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Best Campus Study Spots

By Kate Arnold

 

As you start your time at William and Mary, you will soon realize that most W&M students have a series of study spots they swear by. Those study spots can be hard to find, but when you find a location that works for you, almost nothing else will suffice when midterms and finals roll around. To help you on your study spot discovery journey, I have listed some of my favorite spots to study on and around campus

  1. The Swem Basement: While not exactly hidden, this study spot is all too often underutilized. While I heard about the tiered noise system in Swem on my tour of campus, the Swem basement is something I wish I explored much sooner. Filled with art from other countries, beautiful statues, and a pit full of comfy couches and chairs, Swem basement is an incredible place to study if you enjoy the structure of a library study space with the fun and funky atmosphere of an alternative coffee shop.

2. Crim Dell Meadow: Throughout the pandemic, the Crim Dell Meadow has received some upgrades. It is now fully stocked with Adirondack chairs, bench swings, and hanging lights for all your outdoor social and studying needs. This is a great spot for anyone who likes to mix stretches with studying with breaks, as you’re sure to find some friendly faces if you take a break to wander around the corner to Sadler Terrace. The Meadow is also right next to the rock garden, the Wellness Center’s meditation walk path, and the “Spring” statue if you need to walk away from work and decompress.

3. Wolfe Law Library: Located in the Law School, this study space is a bit of a walk, but is completely worth it. This is perfect for students who work best when surrounded by silence and other students at work. One look at the law students in the library is enough to motivate any undergraduate to finish their assignments. Additionally, the Wolfe library’s resources are open for undergraduates to use, which can add some extremely interesting resources and citations to any research paper.

4. Reveley Garden: Located outside Jefferson Hall, the Reveley Garden is a new addition to campus, finishing construction last spring. This is a space full of outdoor seating for you to spread out your work, and is a short walk away from the many coffee shops of CW when you find yourself in need of a break.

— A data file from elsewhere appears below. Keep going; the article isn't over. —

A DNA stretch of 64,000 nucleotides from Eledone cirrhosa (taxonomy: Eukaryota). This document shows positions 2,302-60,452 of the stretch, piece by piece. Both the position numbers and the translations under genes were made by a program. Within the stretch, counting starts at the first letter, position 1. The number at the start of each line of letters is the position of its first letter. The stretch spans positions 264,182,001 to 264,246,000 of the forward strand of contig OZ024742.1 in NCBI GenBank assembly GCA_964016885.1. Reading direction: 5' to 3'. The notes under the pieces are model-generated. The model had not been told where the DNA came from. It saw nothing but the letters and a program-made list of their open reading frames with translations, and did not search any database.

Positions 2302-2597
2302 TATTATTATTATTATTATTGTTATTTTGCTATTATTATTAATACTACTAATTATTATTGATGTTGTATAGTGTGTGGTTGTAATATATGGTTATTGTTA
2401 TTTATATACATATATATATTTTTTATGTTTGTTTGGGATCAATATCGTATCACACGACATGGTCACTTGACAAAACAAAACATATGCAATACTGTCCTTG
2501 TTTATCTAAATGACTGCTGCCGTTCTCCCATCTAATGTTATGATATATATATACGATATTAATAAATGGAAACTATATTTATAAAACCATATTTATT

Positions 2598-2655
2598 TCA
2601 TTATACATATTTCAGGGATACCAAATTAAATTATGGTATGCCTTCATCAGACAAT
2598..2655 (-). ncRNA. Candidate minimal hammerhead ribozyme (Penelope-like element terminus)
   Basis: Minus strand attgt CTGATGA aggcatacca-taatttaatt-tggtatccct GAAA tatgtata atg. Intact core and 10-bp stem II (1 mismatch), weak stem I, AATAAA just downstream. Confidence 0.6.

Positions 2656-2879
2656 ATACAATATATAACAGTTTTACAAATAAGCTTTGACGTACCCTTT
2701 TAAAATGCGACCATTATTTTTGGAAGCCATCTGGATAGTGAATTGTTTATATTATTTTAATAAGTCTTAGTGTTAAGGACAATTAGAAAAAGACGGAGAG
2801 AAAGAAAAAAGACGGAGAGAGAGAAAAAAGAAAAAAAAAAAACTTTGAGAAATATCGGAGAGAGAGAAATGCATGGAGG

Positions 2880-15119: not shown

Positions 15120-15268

5. Chancellor Hall: I wished I had learned sooner in my college career that academic buildings were open in the evenings for students to study. This is a great space for those who don’t do well in libraries, but need to work in an indoor space coded for academia. Chancellor Hall has individual and group study rooms, as well as classrooms that can be used for larger friend and study groups. I mention Chancellor in particular because as a Government major, I am in that building the most often, but other academic buildings I recommend studying in include Boswell, Washington, McGlothlin, and Tucker Hall

6. CW Tables: While not technically on campus, I would be remiss if I didn’t mention the wonderful study space in Colonial Williamsburg that has emerged in the last year. The tables in CW are a recent addition to the landscape, but it has quickly become my favorite place in Williamsburg to work. Shops are mere steps away, so you can take a lunch break while you work no problem, and I have found that the hustle and bustle of families and tourists make for great background noise while I work.

7. Williamsburg Regional Library: Another incredible off campus spot! The Williamsburg Regional Library has a shaded terrace area, completed with tables and fountains. The sound of rushing water in the background and the cool atmosphere of the terrace make for a serene study location. Additionally, it is a study space few other students use, meaning you and your friends will have it all to yourself. Bake Shop is right down the street, so you can sip on a coffee while you write your papers.

About Kate

Kate is a junior at William & Mary from Woodbridge, VA. She is a double major in Government and Gender, Sexuality, and Women’s Studies on a pre-law track. She is passionate about law because she believes it is a powerful tool to help others, and hopes one day to either be a public defender or an attorney for a civil rights law firm. On campus, she lets her inner legal nerd loose with undergraduate Mock Trial and Merrimac Mentors.

During her downtime, you can find Kate taking night walks through CW with friends or sitting on the Terrace. She is a total extrovert and loves meeting new people, but be warned that she is known to share lots of information about niche topics, including but not limited to: American Girl Dolls, the Amish lifestyle, Taylor Swift, and early 2000s TV shows. Kate has been a GGV OA since her sophomore year and is beyond excited to make Orientation the best experience for incoming students it can possibly be.

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